What advice do you have for young women looking to enter male-dominated industries, post-graduation? What practical steps can they take to make sure they stand out among the pool of applicants?
Helen Jones, Alcumus: My advice for young women entering a male-dominated industry is ‘Don’t change’.
You are a woman, you are going to have a different approach, you are going to look at things a different way, you are going to manage problems in a different way, you are going to work and interact with people in a different way to men, and that is OK. That is exactly what male-dominated industries need, so have confidence in yourself and do not feel that you have to change.
That is easy for me to say now but it is hard when you are in that environment. One of the things you have to learn to accept when working with a group of men is that they do have a different way of engaging with each other. There can be a lot of banter, so you do have to build up a certain amount of resilience to manage certain situations. Men are different and you have to become comfortable in that environment as well because it will not change. I am not suggesting you have to tolerate bad behaviour, but just as it would be an interesting environment for one man working with a group of ladies, you need to be able to adapt to the situations, people and cultures around you.
More and more organisations are looking to remove barriers to entry, and their own unconscious bias, which is great for women entering the world, post-graduation now. But then you need to decide how you stand out from any other graduate. I think the way you do that is by talking about, and actually doing, activities that show you have the relevant work experience, you’ve been interested in the sector and have evidence to prove that, or you’ve gone above and beyond what was expected of you during the time you were studying e.g. having a summer job linked to the activity you want to do, post-graduation.
You need to show these on your CV/applications because that’s what you will be judged on and it will help you stand out, as everyone will have a 2:1 or a First. I remember being quite structured when I was around 16, thinking ‘I’ve got to make sure I’m building up good work experience’. It was actually in Retail and by the time I left University, after 6 years working there, I’d been the weekend store manager for almost 2 years with daily sales targets, team and cash management and that stood me in really good stead when it came to starting my full-time career.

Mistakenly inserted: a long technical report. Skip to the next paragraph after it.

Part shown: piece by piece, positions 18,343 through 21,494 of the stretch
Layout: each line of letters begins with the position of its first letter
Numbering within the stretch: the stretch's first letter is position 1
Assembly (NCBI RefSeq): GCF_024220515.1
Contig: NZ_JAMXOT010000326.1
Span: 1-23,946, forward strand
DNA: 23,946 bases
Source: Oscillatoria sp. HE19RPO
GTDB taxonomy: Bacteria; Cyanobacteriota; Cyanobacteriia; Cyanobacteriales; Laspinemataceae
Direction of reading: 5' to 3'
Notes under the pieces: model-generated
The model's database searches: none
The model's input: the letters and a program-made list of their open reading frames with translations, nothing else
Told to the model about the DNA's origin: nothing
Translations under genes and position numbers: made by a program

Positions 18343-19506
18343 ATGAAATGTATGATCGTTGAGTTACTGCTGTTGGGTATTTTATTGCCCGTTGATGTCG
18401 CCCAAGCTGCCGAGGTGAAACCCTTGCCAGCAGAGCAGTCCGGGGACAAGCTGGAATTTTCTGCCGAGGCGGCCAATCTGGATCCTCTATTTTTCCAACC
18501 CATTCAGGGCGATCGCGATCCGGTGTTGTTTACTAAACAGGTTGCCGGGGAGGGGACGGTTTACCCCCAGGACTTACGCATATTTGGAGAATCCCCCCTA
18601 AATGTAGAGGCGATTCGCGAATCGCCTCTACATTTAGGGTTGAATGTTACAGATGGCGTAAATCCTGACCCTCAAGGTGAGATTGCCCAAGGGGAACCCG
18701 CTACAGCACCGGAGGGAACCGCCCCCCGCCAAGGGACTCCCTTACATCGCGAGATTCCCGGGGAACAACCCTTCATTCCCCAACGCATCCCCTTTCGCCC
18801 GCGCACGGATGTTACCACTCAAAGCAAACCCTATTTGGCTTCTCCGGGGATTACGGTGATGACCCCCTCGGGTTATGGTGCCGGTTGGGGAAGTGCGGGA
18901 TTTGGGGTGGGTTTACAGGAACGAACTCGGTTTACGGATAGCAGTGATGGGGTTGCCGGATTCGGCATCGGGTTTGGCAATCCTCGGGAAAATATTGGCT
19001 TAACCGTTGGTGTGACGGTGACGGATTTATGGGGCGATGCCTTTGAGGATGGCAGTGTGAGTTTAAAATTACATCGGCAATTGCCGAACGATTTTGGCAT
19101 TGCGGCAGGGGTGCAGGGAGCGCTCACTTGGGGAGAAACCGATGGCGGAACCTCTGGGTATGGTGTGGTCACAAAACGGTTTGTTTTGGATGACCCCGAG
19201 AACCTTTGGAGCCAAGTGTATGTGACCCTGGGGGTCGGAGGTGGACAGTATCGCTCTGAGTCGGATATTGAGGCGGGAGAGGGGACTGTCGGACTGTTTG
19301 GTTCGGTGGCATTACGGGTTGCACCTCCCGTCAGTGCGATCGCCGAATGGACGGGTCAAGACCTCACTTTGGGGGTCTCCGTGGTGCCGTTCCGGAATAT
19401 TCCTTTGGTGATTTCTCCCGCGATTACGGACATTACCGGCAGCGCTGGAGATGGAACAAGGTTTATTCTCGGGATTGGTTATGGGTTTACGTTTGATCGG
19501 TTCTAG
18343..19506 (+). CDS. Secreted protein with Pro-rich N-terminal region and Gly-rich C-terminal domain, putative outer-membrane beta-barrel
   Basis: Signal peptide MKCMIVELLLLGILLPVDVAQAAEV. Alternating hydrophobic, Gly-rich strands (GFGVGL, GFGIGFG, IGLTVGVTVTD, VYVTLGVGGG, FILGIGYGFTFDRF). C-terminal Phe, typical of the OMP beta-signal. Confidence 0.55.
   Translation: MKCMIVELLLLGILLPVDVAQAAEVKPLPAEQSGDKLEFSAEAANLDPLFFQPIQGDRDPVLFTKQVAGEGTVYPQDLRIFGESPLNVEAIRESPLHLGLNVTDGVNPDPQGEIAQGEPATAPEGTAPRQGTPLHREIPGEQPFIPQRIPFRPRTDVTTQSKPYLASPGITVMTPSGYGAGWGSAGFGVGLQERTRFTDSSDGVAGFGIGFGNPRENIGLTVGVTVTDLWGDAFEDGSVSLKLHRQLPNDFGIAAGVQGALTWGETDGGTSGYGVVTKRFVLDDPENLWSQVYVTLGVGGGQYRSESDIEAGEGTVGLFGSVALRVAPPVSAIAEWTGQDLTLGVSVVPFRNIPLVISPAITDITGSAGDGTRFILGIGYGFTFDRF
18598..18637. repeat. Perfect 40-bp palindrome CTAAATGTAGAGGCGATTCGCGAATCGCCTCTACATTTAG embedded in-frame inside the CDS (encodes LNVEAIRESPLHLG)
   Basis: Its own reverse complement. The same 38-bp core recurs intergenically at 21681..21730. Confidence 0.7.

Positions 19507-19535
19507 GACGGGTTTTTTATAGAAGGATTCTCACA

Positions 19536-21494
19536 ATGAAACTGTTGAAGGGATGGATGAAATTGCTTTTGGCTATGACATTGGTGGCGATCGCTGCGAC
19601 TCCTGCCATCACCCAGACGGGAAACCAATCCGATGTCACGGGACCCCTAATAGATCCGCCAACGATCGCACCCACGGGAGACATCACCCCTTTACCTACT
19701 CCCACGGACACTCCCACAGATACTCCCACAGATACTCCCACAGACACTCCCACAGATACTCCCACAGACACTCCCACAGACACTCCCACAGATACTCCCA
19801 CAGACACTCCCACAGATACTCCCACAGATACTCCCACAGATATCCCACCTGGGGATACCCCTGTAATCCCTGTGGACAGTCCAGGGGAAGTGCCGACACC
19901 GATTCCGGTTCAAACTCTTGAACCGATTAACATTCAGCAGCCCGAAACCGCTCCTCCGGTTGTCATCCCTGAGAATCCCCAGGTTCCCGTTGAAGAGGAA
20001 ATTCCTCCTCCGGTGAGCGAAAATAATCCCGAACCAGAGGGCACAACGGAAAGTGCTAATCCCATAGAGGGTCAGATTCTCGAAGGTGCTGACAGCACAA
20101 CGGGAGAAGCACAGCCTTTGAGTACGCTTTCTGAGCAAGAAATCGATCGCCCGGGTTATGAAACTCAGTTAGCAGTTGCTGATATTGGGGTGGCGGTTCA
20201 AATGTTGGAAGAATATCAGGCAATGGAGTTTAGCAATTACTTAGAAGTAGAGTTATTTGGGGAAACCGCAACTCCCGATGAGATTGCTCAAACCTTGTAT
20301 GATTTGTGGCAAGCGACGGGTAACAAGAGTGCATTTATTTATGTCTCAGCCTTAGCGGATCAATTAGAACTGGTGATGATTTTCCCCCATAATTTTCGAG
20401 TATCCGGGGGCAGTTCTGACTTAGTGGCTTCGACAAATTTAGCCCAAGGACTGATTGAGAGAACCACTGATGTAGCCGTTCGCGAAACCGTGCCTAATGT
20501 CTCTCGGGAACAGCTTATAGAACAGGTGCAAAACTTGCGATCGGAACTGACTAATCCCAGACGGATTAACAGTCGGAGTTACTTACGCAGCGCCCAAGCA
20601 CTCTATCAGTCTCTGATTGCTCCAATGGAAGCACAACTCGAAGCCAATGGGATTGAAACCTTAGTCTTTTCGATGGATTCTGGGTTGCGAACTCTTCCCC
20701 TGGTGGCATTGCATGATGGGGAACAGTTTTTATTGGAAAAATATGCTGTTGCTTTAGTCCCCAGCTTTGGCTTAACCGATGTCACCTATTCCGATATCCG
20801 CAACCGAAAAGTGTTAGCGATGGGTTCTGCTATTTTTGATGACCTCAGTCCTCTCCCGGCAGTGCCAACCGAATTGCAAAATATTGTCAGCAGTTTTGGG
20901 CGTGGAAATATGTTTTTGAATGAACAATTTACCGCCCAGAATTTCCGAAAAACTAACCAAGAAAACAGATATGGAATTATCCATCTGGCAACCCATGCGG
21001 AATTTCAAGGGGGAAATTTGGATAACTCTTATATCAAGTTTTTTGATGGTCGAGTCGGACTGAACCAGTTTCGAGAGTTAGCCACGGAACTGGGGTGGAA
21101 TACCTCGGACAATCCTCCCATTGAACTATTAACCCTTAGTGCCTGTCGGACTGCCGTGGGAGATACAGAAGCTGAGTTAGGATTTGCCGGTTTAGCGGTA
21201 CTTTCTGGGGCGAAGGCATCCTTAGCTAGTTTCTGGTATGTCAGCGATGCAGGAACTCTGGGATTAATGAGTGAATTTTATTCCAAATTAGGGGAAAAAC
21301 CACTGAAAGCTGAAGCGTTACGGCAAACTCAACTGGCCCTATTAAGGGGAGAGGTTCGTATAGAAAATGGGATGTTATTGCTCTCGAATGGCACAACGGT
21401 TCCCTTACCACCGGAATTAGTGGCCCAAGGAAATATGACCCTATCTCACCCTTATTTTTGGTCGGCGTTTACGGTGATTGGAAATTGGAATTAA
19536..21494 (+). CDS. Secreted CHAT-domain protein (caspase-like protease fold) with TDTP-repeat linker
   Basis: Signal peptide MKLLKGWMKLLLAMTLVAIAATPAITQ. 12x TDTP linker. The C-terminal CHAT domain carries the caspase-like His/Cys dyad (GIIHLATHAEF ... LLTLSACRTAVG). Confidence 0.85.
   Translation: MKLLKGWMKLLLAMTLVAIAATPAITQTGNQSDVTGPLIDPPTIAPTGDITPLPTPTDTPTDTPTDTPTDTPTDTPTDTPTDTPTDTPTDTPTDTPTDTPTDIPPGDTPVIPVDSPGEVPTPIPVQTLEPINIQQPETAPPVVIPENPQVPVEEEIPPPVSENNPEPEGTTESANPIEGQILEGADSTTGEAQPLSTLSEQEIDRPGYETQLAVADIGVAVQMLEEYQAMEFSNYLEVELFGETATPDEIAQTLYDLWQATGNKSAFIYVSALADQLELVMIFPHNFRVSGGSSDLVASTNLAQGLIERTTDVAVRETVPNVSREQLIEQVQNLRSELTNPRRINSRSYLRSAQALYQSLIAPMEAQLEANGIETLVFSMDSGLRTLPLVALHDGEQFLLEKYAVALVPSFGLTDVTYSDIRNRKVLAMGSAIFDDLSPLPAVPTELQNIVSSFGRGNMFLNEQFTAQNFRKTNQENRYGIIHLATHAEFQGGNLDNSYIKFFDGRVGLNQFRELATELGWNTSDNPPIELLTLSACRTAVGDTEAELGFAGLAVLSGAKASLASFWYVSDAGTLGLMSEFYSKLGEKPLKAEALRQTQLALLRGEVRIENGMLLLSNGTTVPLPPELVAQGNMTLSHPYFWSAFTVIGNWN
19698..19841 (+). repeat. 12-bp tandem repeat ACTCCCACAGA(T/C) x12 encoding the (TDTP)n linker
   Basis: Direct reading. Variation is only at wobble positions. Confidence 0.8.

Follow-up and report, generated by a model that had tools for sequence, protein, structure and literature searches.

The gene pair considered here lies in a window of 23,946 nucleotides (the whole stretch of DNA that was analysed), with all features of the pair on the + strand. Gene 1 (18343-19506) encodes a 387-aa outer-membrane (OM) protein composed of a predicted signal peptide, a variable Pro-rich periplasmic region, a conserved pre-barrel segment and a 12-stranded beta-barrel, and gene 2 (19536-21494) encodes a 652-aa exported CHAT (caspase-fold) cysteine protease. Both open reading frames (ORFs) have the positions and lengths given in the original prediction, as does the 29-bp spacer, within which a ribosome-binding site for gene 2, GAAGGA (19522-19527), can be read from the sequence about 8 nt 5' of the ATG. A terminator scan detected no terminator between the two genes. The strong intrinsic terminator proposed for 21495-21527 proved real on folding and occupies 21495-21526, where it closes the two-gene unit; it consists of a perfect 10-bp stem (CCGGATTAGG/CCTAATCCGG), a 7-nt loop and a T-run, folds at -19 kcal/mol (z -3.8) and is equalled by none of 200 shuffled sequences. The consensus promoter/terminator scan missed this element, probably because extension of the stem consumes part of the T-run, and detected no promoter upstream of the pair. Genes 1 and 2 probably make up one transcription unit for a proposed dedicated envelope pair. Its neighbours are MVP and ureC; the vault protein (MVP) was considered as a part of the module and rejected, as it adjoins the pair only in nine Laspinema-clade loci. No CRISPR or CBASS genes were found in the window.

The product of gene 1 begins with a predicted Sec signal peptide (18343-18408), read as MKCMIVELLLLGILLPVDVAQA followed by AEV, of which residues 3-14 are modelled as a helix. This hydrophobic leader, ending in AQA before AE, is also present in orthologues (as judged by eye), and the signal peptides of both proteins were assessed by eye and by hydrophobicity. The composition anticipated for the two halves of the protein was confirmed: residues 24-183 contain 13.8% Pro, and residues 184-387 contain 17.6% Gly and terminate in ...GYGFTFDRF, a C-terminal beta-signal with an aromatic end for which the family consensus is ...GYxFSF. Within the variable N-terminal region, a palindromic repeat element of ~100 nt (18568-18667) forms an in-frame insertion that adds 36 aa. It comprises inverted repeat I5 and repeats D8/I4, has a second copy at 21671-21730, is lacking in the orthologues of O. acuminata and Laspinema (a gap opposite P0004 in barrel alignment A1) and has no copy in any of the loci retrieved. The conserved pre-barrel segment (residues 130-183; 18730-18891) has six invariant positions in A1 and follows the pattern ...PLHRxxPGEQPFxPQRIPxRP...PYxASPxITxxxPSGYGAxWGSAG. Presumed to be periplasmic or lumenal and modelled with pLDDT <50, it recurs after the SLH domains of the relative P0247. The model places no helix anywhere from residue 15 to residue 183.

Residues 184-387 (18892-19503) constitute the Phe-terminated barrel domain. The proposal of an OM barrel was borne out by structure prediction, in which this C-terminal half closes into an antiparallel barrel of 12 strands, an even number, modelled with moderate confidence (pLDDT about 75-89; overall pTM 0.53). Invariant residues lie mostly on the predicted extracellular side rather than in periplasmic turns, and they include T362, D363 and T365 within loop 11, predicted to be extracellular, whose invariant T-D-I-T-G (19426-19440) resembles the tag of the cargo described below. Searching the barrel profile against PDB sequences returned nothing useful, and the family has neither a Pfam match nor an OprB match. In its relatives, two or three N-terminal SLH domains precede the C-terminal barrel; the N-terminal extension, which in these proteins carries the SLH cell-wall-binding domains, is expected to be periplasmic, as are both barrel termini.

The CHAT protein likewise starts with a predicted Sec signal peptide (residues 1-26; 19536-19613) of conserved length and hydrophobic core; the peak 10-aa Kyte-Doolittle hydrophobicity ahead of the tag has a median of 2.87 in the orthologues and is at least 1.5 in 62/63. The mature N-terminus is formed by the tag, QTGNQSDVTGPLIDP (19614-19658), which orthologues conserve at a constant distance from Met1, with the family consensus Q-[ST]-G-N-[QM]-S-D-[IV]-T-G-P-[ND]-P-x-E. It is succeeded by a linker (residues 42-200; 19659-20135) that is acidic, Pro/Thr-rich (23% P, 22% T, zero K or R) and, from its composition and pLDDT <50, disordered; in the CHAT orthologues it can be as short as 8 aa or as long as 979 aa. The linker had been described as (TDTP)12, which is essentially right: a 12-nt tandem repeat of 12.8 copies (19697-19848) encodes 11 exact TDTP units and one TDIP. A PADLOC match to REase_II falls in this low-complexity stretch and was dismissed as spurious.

How can HR managers change their recruitment process to attract more female applicants in traditionally male-dominated industries?
Helen Jones, Alcumus: It all starts with the adverts. Adverts generally tend to ask for everything they possibly want in that role and we know that often switches off female applicants. You need to be really concise in what you want for that role so you open up your pool as much possible. You also need to change the tone of the language used and not be quite as aggressive because again, the science proves that this is a turn-off for women candidates. A really big one is being really open about your flexible working policy. This is relevant for both male and female candidates, but is certainly something that puts female applicants off, if it is not in place. You need to pitch it as a positive in your ads and even positively encourage candidates looking for a more flexible way of working, to apply.
I know it’s not possible on all roles but also offering part-time or job share and working from home options would help as well. Some of those options might not be ideal, but by putting them in your adverts you are opening up your pool and you could find some female superstars as a result. They may need to work that flexibly for the first 12-18 months, but once they’ve got into their groove they could step up to be the best ever candidate that you’ve ever managed to attract; but by not going out in that way, you’re closing it off from the start.
What were some of the challenges you faced when you started working in the Health and Safety industry? How did you overcome these and what are some of the most important lessons you have learned along the way?